DRC railcar

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DRC railcar
DRC43 in the open at SRHC.jpg
DRC 43 in V/Line livery at the Seymour Railway Heritage Centre
Manufacturer Tulloch Limited
Built at Rhodes
Constructed 1971
Entered service 1971–1995
Number built 4
Number in service 0
Number preserved 4 (1 operational)
Number scrapped 0
Formation Single cars, can run with cars from the same order
Fleet numbers DRC40-43
Capacity 56 seats
Specifications
Car length 23.470 m (77 ft 0 in)
Width 2.880 m (9 ft 5 in)
Height 4.158 m (13 ft 8 in)
Articulated sections End doors and open gangways
Maximum speed 115 km/h (71 mph)
Weight 65 t (64.0 long tons; 71.7 short tons)
Prime mover(s) Two Cummins NT-855-R 6-cylinder turbo-charged diesels
Power output 225 kW (302 bhp)
Transmission Voith T113 2 stage automatic hydraulic transmission, Dana-Spicer axle drive to one axle per bogie
Track gauge 5 ft 3 in (1,600 mm)

The DRC (Diesel Rail Car) was a class of railmotor operated by the Victorian Railways on the country rail network Victoria, Australia. The cars were built by Tulloch Limited in New South Wales and featured stainless steel construction, air-conditioning, and a diesel hydraulic transmission.

History[edit]

The first railcars of this type were built for the New South Wales Government Railways as the 1200 class railcars in 1970.[1] The Victorian Railways decided to order two railcars of their own to replace the 280hp Walker railmotors then in use.[2] The first railcar entered service in May 1971 as DRC40, followed by DRC41 on November 1971.[3] The cars suffered numerous failures in service,[4] and by 1974 the New South Wales Public Transport Commission had decided to withdraw their fleet.[2]

Victorian Railways purchased two of the NSW 1200-class cars and modified them for Victorian use in June 1974: DRC42 (formerly PCH 1224) and DRC43 (formerly PCH 1227). The eight remaining railcars were converted to loco hauled carriages in 1982 and used on South Coast until January 1991 and Moss Vale and Goulburn services until November 1993.[5][6] They entered VR service in August and December 1975 respectively.[4] By 1978 the railcars still had issues with reliability, with a modification program being carried out at the Bendigo Workshops in 1983-84.[7] Four MTH carriages were converted from Harris suburban carriages in 1984, for use as trailers with the DRC railcars.[8]

In 1980s the DRC railcars were the fastest train in Australia by average speed, running 107 kilometres from Ararat to Hamilton on Mondays and Saturdays in 72 minutes, for an average speed of 89 km/h.[9] A regular usage of the railcars was the Stony Point service from 1984 when passenger services were reintroduced,[10] but regular failures saw them replaced by locomotive hauled trains by the early 1990s. The DRCs were used on the Leongatha line for a few years when the line reopened in 1984 but were replaced by P Class locos hauled with three MTH carriages.[11] The unreliability issues were later solved, but the fleet was withdrawn in June 1995 with the introduction of the new Sprinter railcars.[2]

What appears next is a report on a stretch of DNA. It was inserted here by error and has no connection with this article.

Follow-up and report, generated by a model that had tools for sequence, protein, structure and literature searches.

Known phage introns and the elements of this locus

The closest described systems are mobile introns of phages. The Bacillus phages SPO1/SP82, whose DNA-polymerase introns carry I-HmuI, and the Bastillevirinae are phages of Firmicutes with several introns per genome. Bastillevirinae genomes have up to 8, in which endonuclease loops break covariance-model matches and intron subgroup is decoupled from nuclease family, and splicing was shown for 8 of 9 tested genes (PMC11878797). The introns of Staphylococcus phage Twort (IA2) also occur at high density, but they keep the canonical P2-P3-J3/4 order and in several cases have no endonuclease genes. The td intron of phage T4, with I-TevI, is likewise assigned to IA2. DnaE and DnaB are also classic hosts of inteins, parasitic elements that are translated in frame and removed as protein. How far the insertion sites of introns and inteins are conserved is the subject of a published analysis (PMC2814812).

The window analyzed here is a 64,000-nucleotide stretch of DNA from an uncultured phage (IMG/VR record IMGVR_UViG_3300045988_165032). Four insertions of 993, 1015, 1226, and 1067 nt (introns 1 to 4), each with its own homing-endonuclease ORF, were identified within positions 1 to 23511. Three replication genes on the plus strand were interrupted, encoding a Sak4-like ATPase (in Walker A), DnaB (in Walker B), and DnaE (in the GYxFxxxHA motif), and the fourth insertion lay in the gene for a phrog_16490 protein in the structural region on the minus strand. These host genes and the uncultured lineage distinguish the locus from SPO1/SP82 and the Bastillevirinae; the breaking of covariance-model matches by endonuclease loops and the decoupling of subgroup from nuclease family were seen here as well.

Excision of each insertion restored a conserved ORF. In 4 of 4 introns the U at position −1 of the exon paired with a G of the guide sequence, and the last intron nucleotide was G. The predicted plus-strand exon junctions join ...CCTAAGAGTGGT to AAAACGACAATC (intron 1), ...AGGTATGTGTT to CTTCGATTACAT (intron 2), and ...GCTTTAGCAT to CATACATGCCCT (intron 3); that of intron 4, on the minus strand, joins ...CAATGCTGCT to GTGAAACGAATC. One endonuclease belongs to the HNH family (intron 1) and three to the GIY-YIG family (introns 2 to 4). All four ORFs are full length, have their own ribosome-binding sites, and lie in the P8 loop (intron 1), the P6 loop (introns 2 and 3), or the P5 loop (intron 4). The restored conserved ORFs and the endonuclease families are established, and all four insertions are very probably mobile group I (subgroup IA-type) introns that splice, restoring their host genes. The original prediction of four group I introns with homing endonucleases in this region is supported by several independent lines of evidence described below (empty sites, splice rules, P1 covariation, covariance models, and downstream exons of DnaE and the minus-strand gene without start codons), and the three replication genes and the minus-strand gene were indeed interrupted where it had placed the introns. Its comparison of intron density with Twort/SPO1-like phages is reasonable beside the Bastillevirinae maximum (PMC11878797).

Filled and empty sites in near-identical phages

Technical details[edit]

The features of the DRC railcar.[12] From the No.1 End:

  • Driver's cab
  • Male and female toilets
  • Exit doors
  • Second class compartment; Features 8 fixed seats- 4 at each end, 28 rotating seats
  • First class compartment; Features 20 rotating and reclining seats

No.2 end:

  • Exit doors
  • Luggage and guards compartment
  • Driver's cab

Today[edit]

DRC40 is preserved and operational at the Daylesford Spa Country Railway[2] while DRC43 is stored and deactivated at the Seymour Railway Heritage Centre.[13][14][15] DRC 41 and 42 are privately owned and stored at Newport Workshops in Melbourne.[16]

Gallery[edit]

See also[edit]

References[edit]

  1. ^ Cooke, David (1984). Railmotors and XPTs. Australian Railway Historical Society NSW Division. ISBN 0-909650-23-3. 
  2. ^ a b c d Daylesford Spa Country Railway: DRC40
  3. ^ Peter J Vincent: DRC - Tulloch Diesel Rail Car
  4. ^ a b VictorianRailways.net - DRC railmotors
  5. ^ "South Coast timetable" Railway Digest April 1991 page 114
  6. ^ "Loco-Hauled Car Changes" Railway Digest February 1994 page 36
  7. ^ VictorianRailways.net - DRC diagram
  8. ^ V/LineCars.com - MTH Carriages
  9. ^ Railpage Australia: What lines did the DRCs run on?
  10. ^ "The Stony Point passenger service reopened". Newsrail (Australian Railway Historical Society (Victorian Division)): page 309. October 1984. 
  11. ^ "News". Newsrail (Australian Railway Historical Society (Victorian Division)): page 89. March 1990. 
  12. ^ DRC diagram
  13. ^ Seymour Railway Heritage Centre - Railfans - Locomotives Register
  14. ^ Martin Bennett: SRHC depot - General
  15. ^ Evan Cottle: DRC43 at SRHC
  16. ^ Railpage Australia: DRC's

External links[edit]